- Individuals and many corporations benefited from lower LIBOR settings. To the extent the bias was to artificially lower LIBOR, the direct impact would be to reduce amounts owed on floating rate borrowings. Anything where individuals as a class were hurt would expose the banks to big problems, as they would be getting sued by a group that would have a lot of jury sympathy. But in this case, individuals that had any LIBOR exposure, typically directly benefited from any bias to make the rates low, as they borrowed in LIBOR and little of their investment income was based on LIBOR.
- The duration of LIBOR is short. Even if you have a 10 year swap where you paid fixed and received floating, you would likely have to demonstrate that on each reset date, the bank colluded to move LIBOR setting against you. Maybe you can argue that the overall trend was enough to impact your mark to market, but that may be a stretch. Having to show that at each quarterly reset, on the day your contract resets, there was collusion, could be very difficult. The duration also comes into play on the damages side. Let's assume you had a $10 billion swap (a reasonably big trade). If the banks all colluded against you on a particular setting and managed to move LIBOR by 10 bps (a big differential) your "loss" would be $2.5 million or 0.025% of notional. Not small, but another example of how the short term nature of LIBOR makes it hard to build a big claim.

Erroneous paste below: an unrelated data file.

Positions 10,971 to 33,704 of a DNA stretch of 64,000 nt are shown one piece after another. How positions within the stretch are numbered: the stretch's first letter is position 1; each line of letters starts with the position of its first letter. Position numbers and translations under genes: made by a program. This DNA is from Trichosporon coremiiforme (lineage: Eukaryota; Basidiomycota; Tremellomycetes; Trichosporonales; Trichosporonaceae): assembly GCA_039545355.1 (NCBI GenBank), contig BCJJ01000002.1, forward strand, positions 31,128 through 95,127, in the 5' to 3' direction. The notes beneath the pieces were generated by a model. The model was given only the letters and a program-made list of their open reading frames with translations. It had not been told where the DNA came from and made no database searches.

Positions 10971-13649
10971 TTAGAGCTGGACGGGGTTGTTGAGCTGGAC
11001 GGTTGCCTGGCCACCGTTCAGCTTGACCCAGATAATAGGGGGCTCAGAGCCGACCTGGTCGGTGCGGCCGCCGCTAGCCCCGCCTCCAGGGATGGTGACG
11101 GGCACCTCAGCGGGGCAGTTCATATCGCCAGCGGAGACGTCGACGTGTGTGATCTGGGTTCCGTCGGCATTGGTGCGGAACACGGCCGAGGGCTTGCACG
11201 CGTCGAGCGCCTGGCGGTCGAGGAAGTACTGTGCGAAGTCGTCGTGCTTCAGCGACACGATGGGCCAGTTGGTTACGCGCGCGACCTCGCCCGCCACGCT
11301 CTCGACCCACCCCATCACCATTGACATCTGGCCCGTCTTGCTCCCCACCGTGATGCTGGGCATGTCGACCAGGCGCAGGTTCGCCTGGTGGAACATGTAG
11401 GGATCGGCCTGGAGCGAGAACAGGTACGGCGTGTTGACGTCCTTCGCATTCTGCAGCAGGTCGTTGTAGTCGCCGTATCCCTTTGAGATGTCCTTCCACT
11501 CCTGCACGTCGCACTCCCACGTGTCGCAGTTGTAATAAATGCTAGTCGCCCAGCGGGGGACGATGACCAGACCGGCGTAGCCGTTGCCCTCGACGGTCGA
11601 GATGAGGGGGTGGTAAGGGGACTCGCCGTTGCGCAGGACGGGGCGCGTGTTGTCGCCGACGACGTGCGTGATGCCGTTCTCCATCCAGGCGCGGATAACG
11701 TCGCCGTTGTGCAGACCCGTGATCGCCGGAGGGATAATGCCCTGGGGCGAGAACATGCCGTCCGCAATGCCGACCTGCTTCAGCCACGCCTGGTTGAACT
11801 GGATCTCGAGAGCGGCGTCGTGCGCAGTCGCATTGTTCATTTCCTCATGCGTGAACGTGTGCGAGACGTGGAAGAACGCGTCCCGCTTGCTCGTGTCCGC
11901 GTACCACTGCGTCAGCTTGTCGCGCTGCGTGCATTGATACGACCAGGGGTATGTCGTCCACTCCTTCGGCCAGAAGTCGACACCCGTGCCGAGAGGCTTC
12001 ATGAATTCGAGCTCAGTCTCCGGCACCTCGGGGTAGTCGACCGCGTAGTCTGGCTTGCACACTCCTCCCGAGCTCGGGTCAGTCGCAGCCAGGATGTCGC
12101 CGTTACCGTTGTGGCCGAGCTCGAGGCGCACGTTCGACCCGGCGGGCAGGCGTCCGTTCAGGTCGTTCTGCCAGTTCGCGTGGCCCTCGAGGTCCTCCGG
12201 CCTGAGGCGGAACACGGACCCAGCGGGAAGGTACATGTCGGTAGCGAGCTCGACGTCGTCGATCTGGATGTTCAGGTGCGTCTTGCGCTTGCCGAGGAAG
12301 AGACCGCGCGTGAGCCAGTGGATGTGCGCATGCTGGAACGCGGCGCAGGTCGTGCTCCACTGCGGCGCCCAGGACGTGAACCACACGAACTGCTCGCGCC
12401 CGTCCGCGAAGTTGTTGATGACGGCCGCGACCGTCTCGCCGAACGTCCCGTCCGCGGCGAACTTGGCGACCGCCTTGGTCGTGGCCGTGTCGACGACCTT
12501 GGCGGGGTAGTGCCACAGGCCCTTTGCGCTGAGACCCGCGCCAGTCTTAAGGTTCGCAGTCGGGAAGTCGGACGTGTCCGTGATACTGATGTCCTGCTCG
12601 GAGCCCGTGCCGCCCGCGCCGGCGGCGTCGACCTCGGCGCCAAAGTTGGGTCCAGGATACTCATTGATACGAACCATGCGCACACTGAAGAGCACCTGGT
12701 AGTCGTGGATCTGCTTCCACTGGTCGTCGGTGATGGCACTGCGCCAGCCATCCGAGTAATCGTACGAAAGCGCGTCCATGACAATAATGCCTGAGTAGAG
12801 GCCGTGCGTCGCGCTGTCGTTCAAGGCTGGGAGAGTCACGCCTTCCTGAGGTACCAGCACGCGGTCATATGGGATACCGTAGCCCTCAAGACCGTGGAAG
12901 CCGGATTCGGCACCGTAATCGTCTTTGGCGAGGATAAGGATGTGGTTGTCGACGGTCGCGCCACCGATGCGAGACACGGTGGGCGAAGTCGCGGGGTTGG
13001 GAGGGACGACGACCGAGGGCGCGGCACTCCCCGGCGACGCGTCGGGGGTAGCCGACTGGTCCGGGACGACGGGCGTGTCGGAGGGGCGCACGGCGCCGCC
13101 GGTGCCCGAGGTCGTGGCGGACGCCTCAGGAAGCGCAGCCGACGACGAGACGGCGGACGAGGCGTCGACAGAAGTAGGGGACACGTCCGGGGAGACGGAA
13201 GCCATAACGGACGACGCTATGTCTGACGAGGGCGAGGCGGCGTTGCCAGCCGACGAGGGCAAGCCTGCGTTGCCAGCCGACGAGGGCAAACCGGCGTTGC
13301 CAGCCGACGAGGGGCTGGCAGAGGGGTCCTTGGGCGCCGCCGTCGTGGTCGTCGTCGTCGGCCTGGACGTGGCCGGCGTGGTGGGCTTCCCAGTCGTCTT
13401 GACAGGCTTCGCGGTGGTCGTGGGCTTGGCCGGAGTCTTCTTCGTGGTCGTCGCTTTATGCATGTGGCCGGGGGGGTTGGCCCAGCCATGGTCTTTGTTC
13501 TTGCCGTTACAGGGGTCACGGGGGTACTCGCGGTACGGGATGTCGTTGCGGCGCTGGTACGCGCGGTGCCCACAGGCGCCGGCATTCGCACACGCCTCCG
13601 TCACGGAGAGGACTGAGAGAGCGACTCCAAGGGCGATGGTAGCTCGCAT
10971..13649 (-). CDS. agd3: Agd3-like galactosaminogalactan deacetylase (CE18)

- The complexity of the process helps the banks as a group. How would you prove you were hurt by a particular bank? If a bank submitted a "bad" price, but was already in the outlier group, it would be hard to make a claim since it didn't affect the calculation. If a bank's "bad" price moved it from the calculation group to the outlier, it is only the difference between what would have been fair for them, and what the bank that is now being used submitted. It is really hard to show how much one bank affected the outcome. Larger groups caught in the act would be required, but this will be more difficult to find consistently -- and remember, to prove real loss, you would need that group collusion on each reset date. Then those banks would split the cost. That is ignoring the difficulty of proving what a "bad" price is. The question certainly allows for the defense tactic of, "Well, that's what I thought it would be," especially during periods where interbank activity went to zero and the banks were relying heavily on central bank funding.